As you type in the search box, you can find information quickly by seeing search predictions that might be similar to the search terms you're typing. For example, as you start to type new york, you might see other popular New York-related searches like "new york times" or "new yorker."

How Autocomplete works

When you choose a search prediction, you do a search using that prediction as your search term.

About Search predictions

Autocomplete predictions are possible search terms, not statements by other people or Google about the terms, and not the answer to your search.

The search queries that you see as part of Autocomplete reflect what other people are searching for and the content of web pages.

You might also see predictions from:

  • Relevant searches you’ve done in the past (if you’re signed in and have Web & App Activity turned on)
  • Google+ profiles that match the name of a person you’re searching for

Apart from the Google+ profiles that may appear, all of the predictions shown in the drop-down list have been typed before by Google users or appear on the web.

For certain searches, Google will show separate predictions for just the last few words.

Where predictions come from

Autocomplete predictions are automatically generated by an algorithm without any human involvement. The algorithm is based on a number of objective factors, including how often others have searched for a word.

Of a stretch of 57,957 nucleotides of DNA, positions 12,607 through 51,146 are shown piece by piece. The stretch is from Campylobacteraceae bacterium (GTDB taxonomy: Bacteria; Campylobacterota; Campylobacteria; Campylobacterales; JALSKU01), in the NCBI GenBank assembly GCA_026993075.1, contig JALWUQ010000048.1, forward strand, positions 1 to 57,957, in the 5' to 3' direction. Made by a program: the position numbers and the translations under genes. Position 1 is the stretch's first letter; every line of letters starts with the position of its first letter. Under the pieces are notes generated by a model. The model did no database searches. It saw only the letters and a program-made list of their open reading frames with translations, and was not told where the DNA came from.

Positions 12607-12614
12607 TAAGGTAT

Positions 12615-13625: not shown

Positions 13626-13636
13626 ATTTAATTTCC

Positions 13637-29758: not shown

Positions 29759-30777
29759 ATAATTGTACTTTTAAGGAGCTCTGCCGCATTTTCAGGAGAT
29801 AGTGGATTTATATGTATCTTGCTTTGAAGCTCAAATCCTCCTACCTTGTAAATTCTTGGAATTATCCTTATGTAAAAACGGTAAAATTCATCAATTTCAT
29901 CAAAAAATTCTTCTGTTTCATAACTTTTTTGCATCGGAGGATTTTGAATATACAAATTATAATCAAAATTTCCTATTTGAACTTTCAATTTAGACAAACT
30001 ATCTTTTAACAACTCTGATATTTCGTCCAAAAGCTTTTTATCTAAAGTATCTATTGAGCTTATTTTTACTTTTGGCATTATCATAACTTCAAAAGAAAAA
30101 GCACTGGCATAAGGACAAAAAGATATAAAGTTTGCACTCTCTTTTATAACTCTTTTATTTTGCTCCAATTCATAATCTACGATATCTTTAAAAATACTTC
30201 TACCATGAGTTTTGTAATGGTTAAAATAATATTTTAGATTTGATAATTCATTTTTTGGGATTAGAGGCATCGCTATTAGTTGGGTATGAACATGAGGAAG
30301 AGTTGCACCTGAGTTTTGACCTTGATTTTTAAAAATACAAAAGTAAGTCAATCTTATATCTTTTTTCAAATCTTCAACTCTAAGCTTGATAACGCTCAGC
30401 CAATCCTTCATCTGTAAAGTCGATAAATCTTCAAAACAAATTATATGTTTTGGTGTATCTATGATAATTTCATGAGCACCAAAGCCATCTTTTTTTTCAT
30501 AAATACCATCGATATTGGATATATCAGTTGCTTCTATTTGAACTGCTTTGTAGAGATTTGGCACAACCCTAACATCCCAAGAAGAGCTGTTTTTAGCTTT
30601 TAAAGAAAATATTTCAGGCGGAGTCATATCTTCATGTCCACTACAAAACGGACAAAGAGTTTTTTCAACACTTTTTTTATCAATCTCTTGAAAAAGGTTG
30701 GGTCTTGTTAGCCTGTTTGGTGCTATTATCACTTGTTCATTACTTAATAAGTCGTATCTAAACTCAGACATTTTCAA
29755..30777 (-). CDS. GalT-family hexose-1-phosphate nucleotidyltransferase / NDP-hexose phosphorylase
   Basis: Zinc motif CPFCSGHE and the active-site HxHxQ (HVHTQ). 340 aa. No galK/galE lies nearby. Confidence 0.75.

The algorithm is designed to reflect the range of info on the web. So just like the web, the search terms you see might seem strange or surprising.

Note: Our algorithm automatically detects and excludes a small set of search terms.

Reasons you might not see predictions

If no predictions appear for a particular word or topic, it could be that:

  • The search term isn't popular enough.
  • The search term is too new. You might need to wait a few days or weeks to see predictions.
  • The search term was mistaken for a policy violation. Sometimes, we try not to show a search in one language that would be perfectly fine in another language. For example, we might accidentally not show a compound word because it includes a translation of an offensive word from another language.

Can I turn off Autocomplete?

You can’t turn off Autocomplete because it’s built into Google Search to help you search for information faster and easier. You can always choose not to click on the Autocomplete predictions.

Report offensive predictions

If you see an offensive Autocomplete prediction, let us know. We’ll use your report to improve predictions for everyone.


Ashley is a Search expert and the author of this page. Leave her feedback below about how to improve it.

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